The Library of Legends by Janie Chang

The Library of Legends by Janie Chang (Image: William Morrow & Company)
(William Morrow & Company)

As Japanese bombs started raining down in the city of Nanking, leaders sent Hu Lian and other university classmates to the western Chinese provinces in 1937 for safety. Lian and others must not leave just for their safety, but also to keep the 500-year-old collection of myths and historical artifacts known as the Library of Legends. Lian’s complex and dangerous journey to keep the documents safe starts to mirror stories within the library, and immortals yearn to be free of the pages.

The Library of the Unwritten by A.J. Hackwith

The Library of the Unwritten by A.J. Hackwith (Image: Ace Books)
(Ace Books)

This fantasy action-adventure book follows the librarians of the Unwritten in Hell. Their job is to mend and upkeep unfinished stories while also ensuring that characters don’t materialize and succeed in escaping the library. Things go wrong when an angelic figure stops the librarian in her supposedly routine retrieval and informs her that she holds a dimension-shattering book called the Devil’s Bible. The Library of the Unwritten is the first book in Hell’s Library series.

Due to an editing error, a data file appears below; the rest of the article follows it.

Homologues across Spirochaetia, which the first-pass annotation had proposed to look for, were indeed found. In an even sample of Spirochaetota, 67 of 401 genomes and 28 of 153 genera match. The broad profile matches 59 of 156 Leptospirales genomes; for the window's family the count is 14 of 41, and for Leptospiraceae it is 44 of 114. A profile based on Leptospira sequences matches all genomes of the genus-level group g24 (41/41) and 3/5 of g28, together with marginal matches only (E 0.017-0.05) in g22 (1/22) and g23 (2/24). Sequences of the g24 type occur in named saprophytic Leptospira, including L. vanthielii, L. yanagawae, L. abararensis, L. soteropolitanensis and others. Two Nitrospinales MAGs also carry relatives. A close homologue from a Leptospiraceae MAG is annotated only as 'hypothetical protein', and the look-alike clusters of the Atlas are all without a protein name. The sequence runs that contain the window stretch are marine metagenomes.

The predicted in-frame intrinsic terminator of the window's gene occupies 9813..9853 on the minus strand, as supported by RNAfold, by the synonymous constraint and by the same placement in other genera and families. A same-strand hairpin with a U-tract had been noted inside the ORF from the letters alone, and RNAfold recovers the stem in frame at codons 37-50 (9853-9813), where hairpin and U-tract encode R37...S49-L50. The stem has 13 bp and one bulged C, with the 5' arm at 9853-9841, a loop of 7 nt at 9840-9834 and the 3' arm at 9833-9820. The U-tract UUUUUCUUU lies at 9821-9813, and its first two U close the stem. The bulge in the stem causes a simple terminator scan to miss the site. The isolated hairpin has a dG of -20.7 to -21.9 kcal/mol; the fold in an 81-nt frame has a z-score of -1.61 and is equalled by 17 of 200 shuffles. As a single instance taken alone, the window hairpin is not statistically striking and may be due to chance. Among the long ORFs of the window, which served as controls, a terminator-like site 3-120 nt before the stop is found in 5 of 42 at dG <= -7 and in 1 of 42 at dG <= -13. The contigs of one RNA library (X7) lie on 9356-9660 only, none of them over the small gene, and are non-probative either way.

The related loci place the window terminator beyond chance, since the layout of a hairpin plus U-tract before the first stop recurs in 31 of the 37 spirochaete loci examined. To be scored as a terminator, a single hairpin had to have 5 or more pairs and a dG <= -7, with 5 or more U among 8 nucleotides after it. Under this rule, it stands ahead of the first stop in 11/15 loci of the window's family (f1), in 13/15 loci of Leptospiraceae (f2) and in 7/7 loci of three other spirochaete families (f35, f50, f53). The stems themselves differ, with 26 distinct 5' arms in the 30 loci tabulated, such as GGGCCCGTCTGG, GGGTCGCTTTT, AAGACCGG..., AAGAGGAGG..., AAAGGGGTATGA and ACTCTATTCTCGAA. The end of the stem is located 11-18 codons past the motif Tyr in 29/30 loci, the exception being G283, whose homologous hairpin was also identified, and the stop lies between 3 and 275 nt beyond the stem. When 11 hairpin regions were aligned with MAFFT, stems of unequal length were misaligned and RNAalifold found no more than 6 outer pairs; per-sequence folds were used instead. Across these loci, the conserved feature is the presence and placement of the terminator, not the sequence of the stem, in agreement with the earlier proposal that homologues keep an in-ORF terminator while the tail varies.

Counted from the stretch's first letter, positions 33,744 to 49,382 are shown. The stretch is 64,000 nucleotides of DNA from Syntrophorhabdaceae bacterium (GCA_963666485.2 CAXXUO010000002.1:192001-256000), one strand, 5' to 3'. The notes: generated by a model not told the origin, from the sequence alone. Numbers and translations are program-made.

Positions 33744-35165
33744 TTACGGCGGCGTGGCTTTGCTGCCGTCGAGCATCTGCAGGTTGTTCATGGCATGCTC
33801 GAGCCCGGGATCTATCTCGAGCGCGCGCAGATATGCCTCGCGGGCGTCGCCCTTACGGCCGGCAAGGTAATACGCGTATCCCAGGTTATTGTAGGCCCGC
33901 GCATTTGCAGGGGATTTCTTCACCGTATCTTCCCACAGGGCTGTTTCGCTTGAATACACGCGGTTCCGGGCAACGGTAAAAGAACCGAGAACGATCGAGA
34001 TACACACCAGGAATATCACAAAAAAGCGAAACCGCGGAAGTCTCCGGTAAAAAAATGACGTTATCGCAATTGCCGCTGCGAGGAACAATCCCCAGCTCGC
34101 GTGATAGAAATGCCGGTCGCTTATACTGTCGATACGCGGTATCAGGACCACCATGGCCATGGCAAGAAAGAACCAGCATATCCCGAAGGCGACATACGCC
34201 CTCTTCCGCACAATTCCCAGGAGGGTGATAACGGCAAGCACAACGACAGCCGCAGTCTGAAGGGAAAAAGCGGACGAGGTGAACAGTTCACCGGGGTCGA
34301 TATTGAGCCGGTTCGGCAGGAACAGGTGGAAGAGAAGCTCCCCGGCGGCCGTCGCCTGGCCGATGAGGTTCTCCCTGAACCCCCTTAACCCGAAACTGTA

The Midnight Library by Matt Haig

The Midnight Library by Matt Haig (Image: Viking)

In this time-traveling adventure, Nora Seed comes up to an enchanted library that gives readers a chance to see themselves in different lives. They can travel to the past to a particular decision, make another one, and see how their lives played out. They can ponder and reflect on whether their main story was right for them. Some have described The Midnight Library more negatively as a “Hallmark book,” but I included it anyway because this could be a great stepping stone title for those who don’t read much science fiction. Also, stories have served to reflect on our decisions and ask “what if,” so this is a fascinating premise.

The Strange Library by Haruki Murakami, translated by Ted Goossen

The Strange Library by Haruki Murakami, translated by Ted Goossen. Image: Knopf Publishing Group.
(Knopf Publishing Group)